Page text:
(Australia 1949 – )
180.0 x 90.0 x 60.0 cm vitrine
Janet Laurence held her first solo exhibition at Central Street Gallery in Sydney in 1981. It took the form of a multimedia installation combining paint, found objects such as shells, leaves, bones, rocks, sand, strips of photographic paper stitched together and fabrics, all distributed as if cast up on the shoreline. Her inspiration for the form of this work came as much from the music of Philip Glass as it did from her academic training. She immersed herself in Glass’ opera ‘Einstein on the beach’ while she worked on the piece so that it took on the rhythms of the rise and fall of the musical tide.
Unlike Glass’ music, however, there was nothing minimal about Laurence’s installation; it was a chaotic and excessive accumulation animated by a genuine creative rhythm. It held the seeds of her later and more authoritative installations from the late 1990s through to the present, including her prolific contribution to public artworks in the landscape and in public buildings.
In her 1988 exhibition at the Canberra School of Art Gallery, her wall works were hung in grids but the whole space was unified by a corresponding grid of ash laid on the floor. One of the first works after this to evolve into installation was ‘Forensic’ 1991 (AGNSW collection), a memorial to her beloved dog Zelda. ‘Forensic’ contains all the things you might find in a memorial shrine. Behind the glass are close-up photographs of Zelda’s thick wavy fur, ashes suggesting the departed and straw. All are materials relating to living matter and its transformation, and similar natural organic and mineral materials have formed the basis of her alchemy ever since. It was the first of a number of multimedia assemblages in boxes or under glass that trace a path to works like ‘The matter of nature’.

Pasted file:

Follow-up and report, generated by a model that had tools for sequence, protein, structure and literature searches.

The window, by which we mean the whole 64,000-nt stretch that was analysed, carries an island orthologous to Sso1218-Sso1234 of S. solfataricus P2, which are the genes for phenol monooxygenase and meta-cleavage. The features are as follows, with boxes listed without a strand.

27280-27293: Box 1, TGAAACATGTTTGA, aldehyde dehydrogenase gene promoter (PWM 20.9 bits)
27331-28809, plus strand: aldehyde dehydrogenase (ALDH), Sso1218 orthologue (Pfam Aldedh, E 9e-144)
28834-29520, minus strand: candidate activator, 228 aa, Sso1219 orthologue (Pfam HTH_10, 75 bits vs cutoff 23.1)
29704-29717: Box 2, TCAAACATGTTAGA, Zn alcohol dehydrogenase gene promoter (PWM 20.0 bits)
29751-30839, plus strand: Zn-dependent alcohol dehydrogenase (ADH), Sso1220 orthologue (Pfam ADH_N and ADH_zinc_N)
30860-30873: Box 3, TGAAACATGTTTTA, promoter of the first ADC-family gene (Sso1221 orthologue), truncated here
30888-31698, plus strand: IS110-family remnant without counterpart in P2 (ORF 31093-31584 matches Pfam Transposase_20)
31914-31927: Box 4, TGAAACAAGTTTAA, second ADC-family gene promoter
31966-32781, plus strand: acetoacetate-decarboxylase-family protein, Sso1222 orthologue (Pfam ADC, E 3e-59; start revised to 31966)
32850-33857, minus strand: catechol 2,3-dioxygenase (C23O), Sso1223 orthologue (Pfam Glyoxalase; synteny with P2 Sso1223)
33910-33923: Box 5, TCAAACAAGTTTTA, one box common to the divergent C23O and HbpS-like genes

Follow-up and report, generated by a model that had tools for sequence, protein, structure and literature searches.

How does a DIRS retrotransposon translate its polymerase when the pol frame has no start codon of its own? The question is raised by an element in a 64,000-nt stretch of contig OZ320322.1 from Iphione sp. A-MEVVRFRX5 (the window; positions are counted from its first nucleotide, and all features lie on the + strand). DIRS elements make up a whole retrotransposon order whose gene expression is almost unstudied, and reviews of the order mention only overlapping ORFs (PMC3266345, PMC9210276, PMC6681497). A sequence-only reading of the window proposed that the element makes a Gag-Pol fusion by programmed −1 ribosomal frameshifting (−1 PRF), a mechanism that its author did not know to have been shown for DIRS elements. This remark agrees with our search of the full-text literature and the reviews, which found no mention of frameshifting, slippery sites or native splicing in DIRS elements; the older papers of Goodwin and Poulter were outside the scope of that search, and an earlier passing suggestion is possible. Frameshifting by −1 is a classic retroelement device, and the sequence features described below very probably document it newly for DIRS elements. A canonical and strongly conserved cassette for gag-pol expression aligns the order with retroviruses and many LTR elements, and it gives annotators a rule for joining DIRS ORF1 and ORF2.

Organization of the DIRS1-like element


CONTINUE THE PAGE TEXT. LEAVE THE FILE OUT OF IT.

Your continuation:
Laurence will admit a debt to Joseph Beuys, particularly his use of materials but also his passionate involvement with the environment and with the nature of being in the world. Like Beuys, Laurence is an inveterate collector of natural objects and what she likes to call ‘substances’. In ‘The matter of nature’ she includes stuffed birds with glass laboratory vessels, sulphur and salt, all the stuff of life drawn from the mineral world to which it returns. Her use of the birds also harks back to her interventions into natural history museum collections. In one of these installations the Melbourne Museum invited her to work with its collection as an artwork. She chose to bring a vast collection of stuffed birds together into a glass case and in another she arranged stuffed animals, which she later photographed as reflections in the ubiquitous glass surfaces of museum display cases. In this work the case is itself rather clinical and suggests scientific specimens rather than the aesthetic context of an art museum.
© Art Gallery of New South Wales Contemporary Collection Handbook, 2006
Anthony Bond, Contemporary: Art Gallery of New South Wales Contemporary Collection, 'Objects and associations', pg.332-381, Sydney, 2006, 352, 353 (colour illus.).
Kurt Schwitters acquisition and related works from the collection, Art Gallery of New South Wales, Sydney, 29 Nov 2004–17 Apr 2005